Center for Latter-day Saint Arts

On This Day...

A DAILY FACTOID OF OUR ART HISTORY

Jan. 25

The glowing reviews flowed in on this day (2015) the morning after the premiere of Douglas Pew's opera, Penny, at the Washington National Opera's American Opera Initiative. The story of an autistic woman (libretto by Dara Weinberg) was commissioned by the Washington National Opera.

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Glen Nelson
Jan. 24

Opera composer John Laurence Seymour's disastrous Met opera premiere took place on this day (1935): In the Pasha's Garden. It "...had its premiere at the Metropolitan last week and established an all-time record for dullness and ineptitude," proclaimed Time magazine 2/4/1935.

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Glen Nelson
Jan. 23

Marie is a little bit country; Donny, a little bit rock and roll for the first time on this day (1976) as the Donny & Marie Show premiered on ABC tv with guests Lee Majors, Farrah Fawcett, and Vincent Price. The series continued for three years and 78 episodes.

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Glen Nelson
Jan. 22

Born on this day (1865), Nephi Anderson's most acclaimed work was his first novel, Added Upon, in which spirit children move from the pre-existence to the mortal world to the life after death. Originally published in 1898, the novel influenced many works of Mormon literature, including Saturday's Warrior. Anderson went on to write numerous novels, nonfiction books, short stories, and works of poetry, much of which involved LDS themes.

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Glen Nelson
Jan 20

Born on this day (1903) is author Maurine Whipple, whose novel, The Giant Joshua (1941) is considered the finest Mormon novel before 1980. It tells of Abijah MacIntrye and his polygamist wives, living in St. George, Utah and environs. Using fictional characters and historical figures, the novel presents the trials of polygamy as a test of faithfulness.

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Glen Nelson
Jan. 19

Natacha Rambova was born Winifred Kimball Shaughnessy on this day (1897). Wife of silent film star Rudolph Valentino, Egyptologist, Hollywood costume designer, dancer, Rambova once held a séance in the Tabernacle on Temple Square with her cousin Edward P. Kimball playing on the organ. Her guest, George Wehner, a "spiritualist" wrote that he beheld a vision, "I saw the whole interior of the Tabernacle shimmering in a glorious blaze of golden light, in the midst of which appeared in the air above the organ, the figure of a young man in blue robes holding a long trumpet of gold. From my clairvoyant description of this radiant being my friends recognized the spirit as that of the Angel Moroni…who led his people across the plains and deserts to ultimate safey…as a beacon light of faith and love.’" "Madame Valentino: The Many Lives of Natacha Rambova" by Michael Morris, pp. 195-196.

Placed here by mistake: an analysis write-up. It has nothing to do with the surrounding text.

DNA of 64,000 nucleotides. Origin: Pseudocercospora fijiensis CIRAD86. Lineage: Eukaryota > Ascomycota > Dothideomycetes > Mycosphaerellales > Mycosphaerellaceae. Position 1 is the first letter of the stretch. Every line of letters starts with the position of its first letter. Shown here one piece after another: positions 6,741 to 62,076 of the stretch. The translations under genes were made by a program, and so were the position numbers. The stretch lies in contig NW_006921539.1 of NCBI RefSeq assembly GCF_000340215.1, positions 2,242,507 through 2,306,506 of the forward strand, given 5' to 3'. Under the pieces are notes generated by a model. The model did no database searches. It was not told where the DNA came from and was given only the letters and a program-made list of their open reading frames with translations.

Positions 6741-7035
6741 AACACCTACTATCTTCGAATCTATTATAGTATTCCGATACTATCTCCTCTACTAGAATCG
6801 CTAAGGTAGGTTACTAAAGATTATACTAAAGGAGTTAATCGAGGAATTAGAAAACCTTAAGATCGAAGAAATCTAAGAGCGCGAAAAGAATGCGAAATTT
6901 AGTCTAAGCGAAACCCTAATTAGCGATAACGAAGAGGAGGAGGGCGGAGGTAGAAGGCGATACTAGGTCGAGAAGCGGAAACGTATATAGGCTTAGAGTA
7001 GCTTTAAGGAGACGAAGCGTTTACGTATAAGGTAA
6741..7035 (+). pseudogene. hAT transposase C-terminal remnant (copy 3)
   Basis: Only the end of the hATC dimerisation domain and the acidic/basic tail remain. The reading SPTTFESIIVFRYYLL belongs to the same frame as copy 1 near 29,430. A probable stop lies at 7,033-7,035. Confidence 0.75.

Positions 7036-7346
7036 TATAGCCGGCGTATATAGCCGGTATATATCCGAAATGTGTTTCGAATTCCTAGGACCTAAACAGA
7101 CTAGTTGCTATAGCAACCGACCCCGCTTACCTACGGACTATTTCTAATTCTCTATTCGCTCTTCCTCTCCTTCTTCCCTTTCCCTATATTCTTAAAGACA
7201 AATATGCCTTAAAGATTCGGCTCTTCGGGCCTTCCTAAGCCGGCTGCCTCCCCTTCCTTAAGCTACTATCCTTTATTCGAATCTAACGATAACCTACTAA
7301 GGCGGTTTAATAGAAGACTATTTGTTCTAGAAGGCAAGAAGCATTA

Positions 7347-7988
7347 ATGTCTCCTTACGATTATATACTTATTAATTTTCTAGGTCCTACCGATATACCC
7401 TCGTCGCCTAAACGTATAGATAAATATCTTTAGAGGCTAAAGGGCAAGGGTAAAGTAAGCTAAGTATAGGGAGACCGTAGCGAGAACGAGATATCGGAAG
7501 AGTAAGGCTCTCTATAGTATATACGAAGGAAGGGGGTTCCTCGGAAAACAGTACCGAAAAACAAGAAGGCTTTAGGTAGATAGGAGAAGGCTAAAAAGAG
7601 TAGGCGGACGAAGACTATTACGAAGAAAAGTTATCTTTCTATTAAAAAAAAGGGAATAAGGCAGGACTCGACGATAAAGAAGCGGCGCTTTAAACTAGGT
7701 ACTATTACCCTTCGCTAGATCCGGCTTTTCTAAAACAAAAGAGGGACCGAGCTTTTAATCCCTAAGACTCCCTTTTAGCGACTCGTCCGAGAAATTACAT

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Glen Nelson
Jan. 17

Sundance Film Festival entry, Mitt premiered on this day (2014), a humanizing documentary of 2012 presidential candidate Mitt Romney by Greg Whiteley. Its Rotten Tomatoes approval rating of 81% compares with the candidate's 47.2% of the popular vote.

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Glen Nelson
Jan. 16

The Reed Smoot hearings began on this day (1904), a year after the senator from Utah was elected. He was denied his seat because of American suspicions that the apostle who had been a polygamist could represent the country fairly. He was finally seated as a U.S. senator February 20, 1907, where he remained until 1932.

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Glen Nelson
Jan. 15

Orson Scott Card unleashed alien insects on the world in Ender's Game, published on this day (1985) It was first published as a short story in August 1977 (Analog Science Fiction and Fact). Winner of 1985 Nebula Award (best novel) and 1986 Hugo Award (best novel). Sequels followed.

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Glen Nelson
Jan. 14